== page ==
The storm raged for four days before it cleared in the evening on June 7. At 10 pm, Carpe and Moore set out for the summit and with no further difficulties made it to the top. List of mountain peaks of North America List of mountain peaks of Canada List of mountain peaks of the United States List of Boundary Peaks of the Alaska-British Columbia/Yukon border NOAA Ship Fairweather Sherman, Paddy. Cloud Walkers. MacMillan. ISBN 0-916890-79-1
A mountain is a large landform that rises above the surrounding land in a limited area in the form of a peak. A mountain is steeper than a hill. Mountains are formed through tectonic forces or volcanism; these forces can locally raise the surface of the earth. Mountains erode through the action of rivers, weather conditions, glaciers. A few mountains are isolated summits. High elevations on mountains produce colder climates than at sea level; these colder climates affect the ecosystems of mountains: different elevations have different plants and animals. Because of the less hospitable terrain and climate, mountains tend to be used less for agriculture and more for resource extraction and recreation, such as mountain climbing; the highest mountain on Earth is Mount Everest in the Himalayas of Asia, whose summit is 8,850 m above mean sea level. The highest known mountain on any planet in the Solar System is Olympus Mons on Mars at 21,171 m. There is no universally accepted definition of a mountain.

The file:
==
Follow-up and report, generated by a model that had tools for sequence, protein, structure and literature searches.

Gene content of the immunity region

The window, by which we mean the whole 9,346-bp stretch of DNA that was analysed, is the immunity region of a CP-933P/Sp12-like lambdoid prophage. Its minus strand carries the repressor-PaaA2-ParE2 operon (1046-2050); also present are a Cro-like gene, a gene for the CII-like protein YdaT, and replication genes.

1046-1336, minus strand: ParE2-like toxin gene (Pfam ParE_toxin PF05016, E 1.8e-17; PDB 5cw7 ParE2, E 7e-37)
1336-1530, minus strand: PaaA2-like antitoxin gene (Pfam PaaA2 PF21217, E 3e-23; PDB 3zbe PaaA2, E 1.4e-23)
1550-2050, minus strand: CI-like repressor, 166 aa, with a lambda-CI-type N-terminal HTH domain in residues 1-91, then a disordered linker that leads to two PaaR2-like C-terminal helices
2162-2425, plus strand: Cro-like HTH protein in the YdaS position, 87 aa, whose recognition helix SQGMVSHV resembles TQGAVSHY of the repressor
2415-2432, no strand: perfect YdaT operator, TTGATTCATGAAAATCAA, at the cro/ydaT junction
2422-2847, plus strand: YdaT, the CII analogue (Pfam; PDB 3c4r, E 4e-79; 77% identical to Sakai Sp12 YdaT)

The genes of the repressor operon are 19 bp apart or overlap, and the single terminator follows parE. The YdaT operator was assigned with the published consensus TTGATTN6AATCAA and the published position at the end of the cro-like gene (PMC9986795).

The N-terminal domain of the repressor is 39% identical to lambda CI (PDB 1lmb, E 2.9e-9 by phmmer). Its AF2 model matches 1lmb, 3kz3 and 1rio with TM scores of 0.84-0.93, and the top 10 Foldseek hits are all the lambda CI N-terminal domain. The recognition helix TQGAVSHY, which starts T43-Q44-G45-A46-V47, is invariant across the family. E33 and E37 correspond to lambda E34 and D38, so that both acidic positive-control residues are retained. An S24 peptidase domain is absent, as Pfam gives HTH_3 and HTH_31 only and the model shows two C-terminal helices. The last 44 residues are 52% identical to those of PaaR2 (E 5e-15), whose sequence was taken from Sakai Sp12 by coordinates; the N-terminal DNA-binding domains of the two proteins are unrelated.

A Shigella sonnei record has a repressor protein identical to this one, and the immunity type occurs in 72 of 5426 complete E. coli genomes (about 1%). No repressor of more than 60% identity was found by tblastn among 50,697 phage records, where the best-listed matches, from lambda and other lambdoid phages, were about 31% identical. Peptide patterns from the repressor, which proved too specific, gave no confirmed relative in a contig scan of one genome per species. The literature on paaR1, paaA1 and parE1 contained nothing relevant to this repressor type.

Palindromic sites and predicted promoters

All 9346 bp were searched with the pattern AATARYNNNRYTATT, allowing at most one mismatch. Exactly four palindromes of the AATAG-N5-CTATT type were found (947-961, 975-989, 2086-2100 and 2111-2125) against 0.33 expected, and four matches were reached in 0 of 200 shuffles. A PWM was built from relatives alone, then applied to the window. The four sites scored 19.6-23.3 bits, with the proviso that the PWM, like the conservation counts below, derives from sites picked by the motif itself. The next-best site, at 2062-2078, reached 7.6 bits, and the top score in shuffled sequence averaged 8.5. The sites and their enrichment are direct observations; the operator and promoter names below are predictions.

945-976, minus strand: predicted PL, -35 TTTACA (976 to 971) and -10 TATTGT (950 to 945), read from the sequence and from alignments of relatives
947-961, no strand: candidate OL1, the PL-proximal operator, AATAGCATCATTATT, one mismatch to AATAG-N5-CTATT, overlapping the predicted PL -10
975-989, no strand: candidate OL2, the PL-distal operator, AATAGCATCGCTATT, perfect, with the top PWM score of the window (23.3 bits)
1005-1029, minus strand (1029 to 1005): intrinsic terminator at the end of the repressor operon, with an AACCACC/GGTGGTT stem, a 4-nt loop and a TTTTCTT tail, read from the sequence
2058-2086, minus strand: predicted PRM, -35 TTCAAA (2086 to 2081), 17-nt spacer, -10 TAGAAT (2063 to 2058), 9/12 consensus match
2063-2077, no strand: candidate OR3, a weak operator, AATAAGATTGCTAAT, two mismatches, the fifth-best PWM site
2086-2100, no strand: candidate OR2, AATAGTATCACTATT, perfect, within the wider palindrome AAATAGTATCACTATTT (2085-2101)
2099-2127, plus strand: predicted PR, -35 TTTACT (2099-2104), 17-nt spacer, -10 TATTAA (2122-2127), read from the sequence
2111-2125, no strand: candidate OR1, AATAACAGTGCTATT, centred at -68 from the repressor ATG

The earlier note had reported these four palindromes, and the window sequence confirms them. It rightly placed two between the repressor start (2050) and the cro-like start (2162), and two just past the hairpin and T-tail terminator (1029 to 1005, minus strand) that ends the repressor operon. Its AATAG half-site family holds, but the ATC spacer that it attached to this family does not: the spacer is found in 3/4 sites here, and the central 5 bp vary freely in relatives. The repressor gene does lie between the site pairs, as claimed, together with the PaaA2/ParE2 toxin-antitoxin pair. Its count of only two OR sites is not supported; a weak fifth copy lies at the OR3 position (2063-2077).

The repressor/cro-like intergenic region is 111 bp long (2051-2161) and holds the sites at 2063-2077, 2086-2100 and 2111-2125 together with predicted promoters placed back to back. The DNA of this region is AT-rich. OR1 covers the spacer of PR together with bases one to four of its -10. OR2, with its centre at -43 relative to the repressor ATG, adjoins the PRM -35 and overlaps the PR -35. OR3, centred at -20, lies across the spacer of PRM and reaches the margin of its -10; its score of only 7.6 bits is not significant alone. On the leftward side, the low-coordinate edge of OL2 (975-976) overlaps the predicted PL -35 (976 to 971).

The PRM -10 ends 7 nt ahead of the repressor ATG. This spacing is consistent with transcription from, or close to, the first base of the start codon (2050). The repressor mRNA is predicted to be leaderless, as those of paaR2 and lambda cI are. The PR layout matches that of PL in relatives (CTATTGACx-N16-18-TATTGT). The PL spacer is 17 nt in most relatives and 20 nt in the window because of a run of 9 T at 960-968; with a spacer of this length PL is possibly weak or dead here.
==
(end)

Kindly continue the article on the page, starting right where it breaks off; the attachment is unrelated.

Elevation, relief, steepness and continuity have been used as criteria for defining a mountain. In the Oxford English Dictionary a mountain is defined as "a natural elevation of the earth surface rising more or less abruptly from the surrounding level and attaining an altitude which to the adjacent elevation, is impressive or notable."Whether a landform is called a mountain may depend on local usage. Mount Scott outside Lawton, Oklahoma, USA, is only 251 m from its base to its highest point. Whittow's Dictionary of Physical Geography states "Some authorities regard eminences above 600 metres as mountains, those below being referred to as hills." In the United Kingdom and the Republic of Ireland, a mountain is defined as any summit at least 2,000 feet high, whilst the official UK government's definition of a mountain, for the purposes of access, is a summit of 600 metres or higher. In addition, some definitions include a topographical prominence requirement 100 or 500 feet. At one time the U.